A friend who has a workaholic boss became really offended when my friend waxed lyrical about not wanting to work all the time and preferring to have more time with family should his life end abruptly. The boss countered “do you think I really want to work all the time?” This is probably a good question for most workaholics to ask themselves, myself included.
Work has become more than just pure toil and pains of labour. It has become fun, more aligned with passion, with a veil of impact and meaning attached to it, and a lot friendlier (ie. Restful) to the human physique. Perhaps more importantly, our expectations on what we can consume through our wages from labour has risen spectacularly. So work becomes even more central in our lives. And in most cases, we come to see it as so central it is such an integral part of our identities.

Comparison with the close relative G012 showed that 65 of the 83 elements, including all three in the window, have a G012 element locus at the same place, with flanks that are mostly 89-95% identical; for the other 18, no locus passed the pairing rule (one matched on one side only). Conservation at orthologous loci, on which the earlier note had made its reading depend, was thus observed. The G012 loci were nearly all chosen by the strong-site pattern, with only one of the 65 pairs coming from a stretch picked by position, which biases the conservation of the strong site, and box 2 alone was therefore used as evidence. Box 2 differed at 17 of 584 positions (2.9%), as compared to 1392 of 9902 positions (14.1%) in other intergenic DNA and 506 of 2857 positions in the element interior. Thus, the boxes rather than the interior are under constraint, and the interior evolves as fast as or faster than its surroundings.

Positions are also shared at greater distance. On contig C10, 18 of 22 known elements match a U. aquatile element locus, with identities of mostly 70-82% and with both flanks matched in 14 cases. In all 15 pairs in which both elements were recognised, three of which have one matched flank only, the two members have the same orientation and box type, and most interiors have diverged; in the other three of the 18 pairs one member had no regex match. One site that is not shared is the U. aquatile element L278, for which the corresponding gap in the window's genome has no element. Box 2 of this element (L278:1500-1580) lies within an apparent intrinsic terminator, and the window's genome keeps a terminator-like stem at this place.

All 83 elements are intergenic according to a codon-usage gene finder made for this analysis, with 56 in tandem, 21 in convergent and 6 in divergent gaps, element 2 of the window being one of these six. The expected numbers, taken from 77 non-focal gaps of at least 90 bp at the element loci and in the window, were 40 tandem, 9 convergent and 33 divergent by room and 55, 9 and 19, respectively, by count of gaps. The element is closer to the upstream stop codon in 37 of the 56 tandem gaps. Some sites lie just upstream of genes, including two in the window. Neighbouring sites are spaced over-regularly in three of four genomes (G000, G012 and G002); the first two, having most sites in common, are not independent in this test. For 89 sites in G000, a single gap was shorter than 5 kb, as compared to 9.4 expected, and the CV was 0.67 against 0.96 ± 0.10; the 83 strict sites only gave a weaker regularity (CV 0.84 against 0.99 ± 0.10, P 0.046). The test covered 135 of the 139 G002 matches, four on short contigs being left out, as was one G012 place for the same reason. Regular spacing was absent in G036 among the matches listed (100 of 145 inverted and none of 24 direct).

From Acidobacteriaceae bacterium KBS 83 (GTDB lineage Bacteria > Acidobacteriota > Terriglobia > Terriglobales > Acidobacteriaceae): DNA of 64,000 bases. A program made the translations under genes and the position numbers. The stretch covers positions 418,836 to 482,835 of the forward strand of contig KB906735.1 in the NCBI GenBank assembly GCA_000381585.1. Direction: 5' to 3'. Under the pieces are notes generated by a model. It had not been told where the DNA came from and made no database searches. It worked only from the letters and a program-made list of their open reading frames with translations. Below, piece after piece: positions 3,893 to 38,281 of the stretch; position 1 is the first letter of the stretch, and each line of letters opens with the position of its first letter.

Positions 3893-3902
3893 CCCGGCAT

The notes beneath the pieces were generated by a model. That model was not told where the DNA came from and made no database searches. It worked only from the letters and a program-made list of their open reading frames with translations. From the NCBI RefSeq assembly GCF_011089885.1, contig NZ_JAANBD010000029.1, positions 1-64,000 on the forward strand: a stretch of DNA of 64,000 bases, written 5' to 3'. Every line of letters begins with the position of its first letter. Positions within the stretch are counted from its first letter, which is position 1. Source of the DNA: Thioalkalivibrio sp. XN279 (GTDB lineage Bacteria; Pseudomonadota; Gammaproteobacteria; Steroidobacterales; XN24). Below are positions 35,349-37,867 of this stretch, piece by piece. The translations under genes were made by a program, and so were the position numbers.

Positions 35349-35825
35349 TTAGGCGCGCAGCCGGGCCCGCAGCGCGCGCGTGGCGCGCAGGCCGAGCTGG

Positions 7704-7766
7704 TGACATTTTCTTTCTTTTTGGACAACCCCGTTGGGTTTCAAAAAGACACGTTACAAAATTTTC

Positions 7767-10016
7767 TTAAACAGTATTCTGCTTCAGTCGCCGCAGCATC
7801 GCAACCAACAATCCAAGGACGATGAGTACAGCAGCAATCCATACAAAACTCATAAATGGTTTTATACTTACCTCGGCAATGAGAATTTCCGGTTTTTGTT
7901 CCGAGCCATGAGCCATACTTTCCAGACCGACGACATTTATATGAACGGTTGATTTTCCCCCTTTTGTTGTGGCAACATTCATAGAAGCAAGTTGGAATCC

So it is strange that we still get offended when it is made explicit that we have allowed work to become so much of us. Maybe because something inside us realise that is true. That in the short term, while we may be enjoying the dopamine hits of problem-solving in work and earning a great income; in the long run, that is not what we are made for. We are made to be more than our worker selves.
And perhaps for some of us, it’s time to discover ‘what else’.
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